Tuesday, March 11, 2008

Signed: Nervous

I have an agent and I am a bit concerned now: your latest blog post said that most books are sold within a few weeks. Mine has been with my agent for about 6 months. He is still going strong at it and doesn't appear phased at all, and we've only had 4 rejections.

He is one of the biggest names in the business so I have had complete confidence in him. But do first-time novels sometimes take this long to sell?


Please do not get nervous. I believe the blog post you’re referring to was my piece on the agent submission process, where I mentioned that I usually hear from editors within a few days or a few weeks. That does not in any way mean that if your book has been on submission for longer than three weeks that you should throw in the towel. In fact, it doesn’t even mean that I have an offer in a few days or a few weeks. What usually starts happening very quickly is activity. That means editors are rejecting the book, calling to ask more questions, bringing it up at an editorial board meeting, and, yes, making offers.

What I always remind my authors is that it only takes one. It only takes one offer to sell that book, and while we would love an auction for every sale, the truth is what we want is to see these books in print. I think the record for a BookEnds sale was two years. The book had been sitting on one or two editors' desks and the author and I had pretty much forgotten about it and moved on. After a while you even stop calling and simply assume that no news means no interest. Then out of the blue I got a call with an offer. The timing was right and the publisher wanted to buy the book. Of course, on the flip side of that we’ve received offers within 24 hours of sending submissions out.

I think the important thing to note is that whether your agent is the biggest name in the business or the smallest fish in the pond, you want someone with the necessary contacts and you want someone who has more than just enthusiasm for your book, you want an agent who feels passionate about the book you’ve written and has the determination to stick with it. Whenever I’m asked how many houses I’ll send a book to or for how long I’ll try to sell it, I always give the same answer: as long as it takes until either the book is sold or we firmly believe we’ve exhausted all of our contacts.

In the case of this reader it sounds to me like you are in great shape, not because your agent is one of the biggest names in the business, but because he is still going strong and you have complete confidence. Those are more important than almost anything else. Besides that, though, four rejections is nothing. You’ve got a long way to go before this project has run its course. Good luck!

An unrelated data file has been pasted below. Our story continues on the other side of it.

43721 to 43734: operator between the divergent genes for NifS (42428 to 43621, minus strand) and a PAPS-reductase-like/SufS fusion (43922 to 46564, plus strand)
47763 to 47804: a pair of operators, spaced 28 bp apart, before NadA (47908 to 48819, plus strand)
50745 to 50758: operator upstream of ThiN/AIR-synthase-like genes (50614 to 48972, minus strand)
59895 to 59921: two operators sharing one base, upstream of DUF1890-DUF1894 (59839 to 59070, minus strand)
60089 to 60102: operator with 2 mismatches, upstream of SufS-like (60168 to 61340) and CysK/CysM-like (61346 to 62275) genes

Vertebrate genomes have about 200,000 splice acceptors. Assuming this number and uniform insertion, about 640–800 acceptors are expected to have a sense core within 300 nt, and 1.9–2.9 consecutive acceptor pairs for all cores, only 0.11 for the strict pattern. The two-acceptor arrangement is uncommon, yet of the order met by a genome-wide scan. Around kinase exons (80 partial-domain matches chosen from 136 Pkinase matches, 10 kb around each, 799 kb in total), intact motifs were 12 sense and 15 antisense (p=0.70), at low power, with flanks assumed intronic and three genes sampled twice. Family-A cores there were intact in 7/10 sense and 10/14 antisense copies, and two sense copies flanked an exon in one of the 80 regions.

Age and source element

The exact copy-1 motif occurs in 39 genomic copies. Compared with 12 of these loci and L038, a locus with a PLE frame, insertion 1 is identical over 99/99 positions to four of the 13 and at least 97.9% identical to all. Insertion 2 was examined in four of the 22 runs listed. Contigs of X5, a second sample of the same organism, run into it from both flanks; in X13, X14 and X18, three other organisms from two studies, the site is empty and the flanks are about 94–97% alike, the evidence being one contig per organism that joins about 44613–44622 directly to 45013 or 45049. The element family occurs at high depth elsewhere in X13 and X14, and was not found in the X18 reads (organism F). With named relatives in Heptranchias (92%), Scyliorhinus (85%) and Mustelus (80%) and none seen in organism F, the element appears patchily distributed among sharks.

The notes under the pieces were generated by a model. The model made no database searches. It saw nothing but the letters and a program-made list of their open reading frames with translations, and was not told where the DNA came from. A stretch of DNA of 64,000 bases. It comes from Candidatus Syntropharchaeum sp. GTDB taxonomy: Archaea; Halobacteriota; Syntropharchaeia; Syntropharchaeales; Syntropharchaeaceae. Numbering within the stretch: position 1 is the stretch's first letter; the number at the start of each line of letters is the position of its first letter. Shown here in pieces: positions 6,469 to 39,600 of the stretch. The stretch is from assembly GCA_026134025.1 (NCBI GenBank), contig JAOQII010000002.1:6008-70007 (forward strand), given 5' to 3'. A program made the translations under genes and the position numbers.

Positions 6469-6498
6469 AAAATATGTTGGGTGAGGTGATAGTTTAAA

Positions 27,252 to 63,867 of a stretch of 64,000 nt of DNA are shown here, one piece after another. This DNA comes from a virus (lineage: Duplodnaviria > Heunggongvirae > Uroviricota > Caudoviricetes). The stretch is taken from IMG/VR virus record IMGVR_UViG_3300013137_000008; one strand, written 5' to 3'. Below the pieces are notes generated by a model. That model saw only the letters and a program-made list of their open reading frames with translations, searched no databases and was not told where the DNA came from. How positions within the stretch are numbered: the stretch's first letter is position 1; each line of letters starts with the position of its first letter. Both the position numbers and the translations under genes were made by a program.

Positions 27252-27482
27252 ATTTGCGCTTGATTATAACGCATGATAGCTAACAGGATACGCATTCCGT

Jessica

10 comments:

Julie Weathers said...

To Nervous. If you still feel good about your agent and are comfortable with his or her abilities, then stick it out to the bitter end.

I had a wonderful agent for my children's books. As long as she still had hope, so did I. Good agents who believe in you are hard to find and I would never give one up without a fight. Hopefully, you are working on another project. Sometimes the project just isn't right for the times or requires more time to sell.

Be patient and have faith.

Julie

Anonymous said...

Anyone want to enlighten me on how many editors an agent should submit a book to if it doesn't sell right away? What is the number at which an agent could/should give up after being rejected? 10? 30?

I know a picture book writer whose agent gave up on a picture book submission after sending to only one editor.

I read on another blog about an agent sending a clients book to twenty-five different editors (accumulative, not all at once) before getting a sale.

Is there any reasonable middle ground? If so, what is it?

Rachel Glass said...

This is encouraging. I guess the bottom line is, finding the right agent for your work is like finding the right shoe; it needs to fit.

Anonymous said...

Hi! I'm the guy who asked the question. Just wanted to let you know that in between emailing the question and you guys posting an answer, we got a deal! So you're right- I had absolutely no reason to worry!

Mags said...

That's the best comment I've read in a long time, Anon 11:34. Thanks for sharing that!

BookEnds, LLC said...

Congratulations anonymous!!! We love good news.

I don't think there's any set answer as to how many editors your agent should submit to. That depends on so many factors including the genre, marketability, etc. I think having a conversation with your agent about her plans and feeling comfortable with them is the most important factor.

Diana said...

Congratulations, anonymous!

Rachel Glass said...

I'll third those congrats!

Chris Redding said...

Life is what happens when you're busy making other plans. (John Lennon)
So if I have something huge I want to happen, I move in a different direction. When I wanted to get pregnant the first time I went for a promotion at work. I got the promotion and promptly found out I was pregnant!
I've learned that if I want a contract I need to focus on the next book. Especially if it is one in a different genre.

nlnaigle said...

Congratulations Anonymous on the deal and proving Bookends advice right on target, as usual!!

Best wishes.
Nancy